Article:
German Chancellor Angela Merkel expressed her regret at General Motors' failure to choose a buyer for its German unit Opel, and said that a decision was urgently needed for the carmaker's future.
In an interview with German ZDF television due to be broadcast later on Sunday, Merkel said she felt there might be a conflict of interest between GM and countries with a stake in its European operations, but that progress was being made.
I regret that a final decision wasn't made, but I hope it will happen soon, because both for the workers and the economic situation at Opel, we urgently need a decision, she said.
The conflict of interest could be that we think Magna has made a very good offer ... which makes GM a minority shareholder in the whole set-up, and there may voices at GM ... who'd prefer that this minority shareholding wasn't so marked, she said.
Despite German pressure to back a bid by Magna International , General Motors Co on Friday declined to name the Canadian automotive firm as the winning bidder for Opel, leaving the fate of the carmaker up in the air.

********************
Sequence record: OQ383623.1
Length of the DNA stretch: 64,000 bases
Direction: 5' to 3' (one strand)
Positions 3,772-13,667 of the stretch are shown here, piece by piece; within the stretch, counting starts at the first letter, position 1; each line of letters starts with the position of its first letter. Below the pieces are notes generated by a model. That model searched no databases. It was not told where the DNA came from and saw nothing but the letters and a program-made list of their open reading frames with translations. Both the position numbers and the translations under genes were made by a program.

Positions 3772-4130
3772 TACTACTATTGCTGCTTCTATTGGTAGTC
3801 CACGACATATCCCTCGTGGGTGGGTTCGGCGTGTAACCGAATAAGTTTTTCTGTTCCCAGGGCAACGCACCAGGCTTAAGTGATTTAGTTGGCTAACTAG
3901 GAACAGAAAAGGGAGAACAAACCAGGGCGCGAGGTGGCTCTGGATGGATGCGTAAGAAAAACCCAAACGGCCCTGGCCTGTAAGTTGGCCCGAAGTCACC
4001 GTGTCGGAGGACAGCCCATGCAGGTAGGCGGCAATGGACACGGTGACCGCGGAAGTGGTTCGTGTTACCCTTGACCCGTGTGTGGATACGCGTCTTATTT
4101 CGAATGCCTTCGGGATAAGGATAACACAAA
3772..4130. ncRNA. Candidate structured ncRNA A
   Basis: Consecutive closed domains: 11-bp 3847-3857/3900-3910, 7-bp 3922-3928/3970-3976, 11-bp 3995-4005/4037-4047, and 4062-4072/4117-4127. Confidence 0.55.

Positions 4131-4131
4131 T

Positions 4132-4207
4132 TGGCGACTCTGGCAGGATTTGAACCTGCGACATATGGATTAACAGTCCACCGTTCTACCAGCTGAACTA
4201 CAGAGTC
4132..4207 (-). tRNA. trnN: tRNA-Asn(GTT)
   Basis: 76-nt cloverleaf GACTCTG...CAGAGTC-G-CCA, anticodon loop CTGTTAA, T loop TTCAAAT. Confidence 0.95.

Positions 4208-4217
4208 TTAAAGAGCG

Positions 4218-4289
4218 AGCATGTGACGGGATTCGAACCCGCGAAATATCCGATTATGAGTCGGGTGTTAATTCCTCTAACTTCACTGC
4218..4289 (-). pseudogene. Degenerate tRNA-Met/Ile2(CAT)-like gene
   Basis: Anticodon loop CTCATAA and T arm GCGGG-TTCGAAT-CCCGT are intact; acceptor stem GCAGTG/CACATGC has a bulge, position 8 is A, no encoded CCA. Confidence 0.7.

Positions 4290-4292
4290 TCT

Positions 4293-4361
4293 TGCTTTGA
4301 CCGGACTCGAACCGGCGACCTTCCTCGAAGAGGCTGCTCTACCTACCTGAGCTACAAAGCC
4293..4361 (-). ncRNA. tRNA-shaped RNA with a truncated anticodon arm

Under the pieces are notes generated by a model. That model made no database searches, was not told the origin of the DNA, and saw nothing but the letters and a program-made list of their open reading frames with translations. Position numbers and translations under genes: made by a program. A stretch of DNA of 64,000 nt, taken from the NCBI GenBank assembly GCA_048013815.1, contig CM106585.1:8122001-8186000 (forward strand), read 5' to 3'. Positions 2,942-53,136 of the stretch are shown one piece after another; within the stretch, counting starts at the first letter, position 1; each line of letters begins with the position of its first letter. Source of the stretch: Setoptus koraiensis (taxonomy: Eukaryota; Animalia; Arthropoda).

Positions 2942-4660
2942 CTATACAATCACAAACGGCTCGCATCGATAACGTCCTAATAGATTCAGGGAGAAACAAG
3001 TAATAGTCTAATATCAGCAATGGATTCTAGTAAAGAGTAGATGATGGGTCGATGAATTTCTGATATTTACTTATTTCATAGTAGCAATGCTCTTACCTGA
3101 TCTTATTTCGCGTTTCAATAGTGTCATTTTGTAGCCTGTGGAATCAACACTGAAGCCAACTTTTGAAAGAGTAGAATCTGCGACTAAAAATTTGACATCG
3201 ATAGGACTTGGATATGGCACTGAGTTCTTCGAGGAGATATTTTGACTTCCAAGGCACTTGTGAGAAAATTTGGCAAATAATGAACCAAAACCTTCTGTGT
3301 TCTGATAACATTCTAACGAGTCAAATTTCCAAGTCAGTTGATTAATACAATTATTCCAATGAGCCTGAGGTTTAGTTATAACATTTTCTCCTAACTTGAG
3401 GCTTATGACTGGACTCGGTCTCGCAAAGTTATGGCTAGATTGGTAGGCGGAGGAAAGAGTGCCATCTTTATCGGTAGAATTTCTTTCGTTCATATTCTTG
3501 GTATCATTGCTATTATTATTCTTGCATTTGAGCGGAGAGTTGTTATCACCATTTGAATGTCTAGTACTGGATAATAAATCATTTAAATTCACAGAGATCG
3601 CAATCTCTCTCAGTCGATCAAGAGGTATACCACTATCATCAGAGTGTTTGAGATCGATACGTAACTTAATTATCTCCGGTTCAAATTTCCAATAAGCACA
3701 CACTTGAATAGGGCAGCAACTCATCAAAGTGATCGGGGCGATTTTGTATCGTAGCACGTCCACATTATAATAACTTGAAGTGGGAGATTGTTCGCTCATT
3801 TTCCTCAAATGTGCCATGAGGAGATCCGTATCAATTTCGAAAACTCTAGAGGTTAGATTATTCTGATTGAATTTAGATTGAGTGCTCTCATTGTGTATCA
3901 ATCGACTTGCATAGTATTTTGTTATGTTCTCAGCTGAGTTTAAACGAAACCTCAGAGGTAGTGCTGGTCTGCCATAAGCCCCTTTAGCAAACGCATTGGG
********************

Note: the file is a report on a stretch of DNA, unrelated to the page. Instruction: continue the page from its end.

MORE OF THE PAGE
Extending the wait on the firm's future sparked a round of angry reactions from German politicians at the weekend, who reaffirmed their support for Magna's bid.
Merkel said that more talks were necessary.
Now I hope we'll make progress next week, he said. I believe that we're still heading in the right direction.
The German government, which is facing a federal election on September 27, has offered financial backing for Magna's bid because it believes it would be the best option to save jobs at Opel, which employs around 25,000 in Germany.
Juergen Ruettgers, premier of North Rhine-Westphalia, Germany's most populous state and home to Opel's Bochum works, on Saturday urged the U.S. government to help thrash out a deal.
Sources familiar with the talks said GM directors wanted Berlin to say what financing would be available to back a rival Opel bid by Brussels-based financial investor RHJ International.
Berlin and the German states that host Opel plants have made clear they want Magna to get the carmaker and are set to provide 4.5 billion euros ($6.4 billion) in state aid to make it happen.
A source close to the talks said the next GM board meeting would be at the start of September and that two bones of contention were likely to be discussed over the next week.
One was that Berlin was insisting GM should step in if the German aid proved insufficient. The other was that GM wants to receive royalties from Opel for the use of its technology even if the German carmaker files for insolvency.
Magna remained the favored candidate, the source added.
(Writing by Dave Graham; Editing by Rupert Winchester)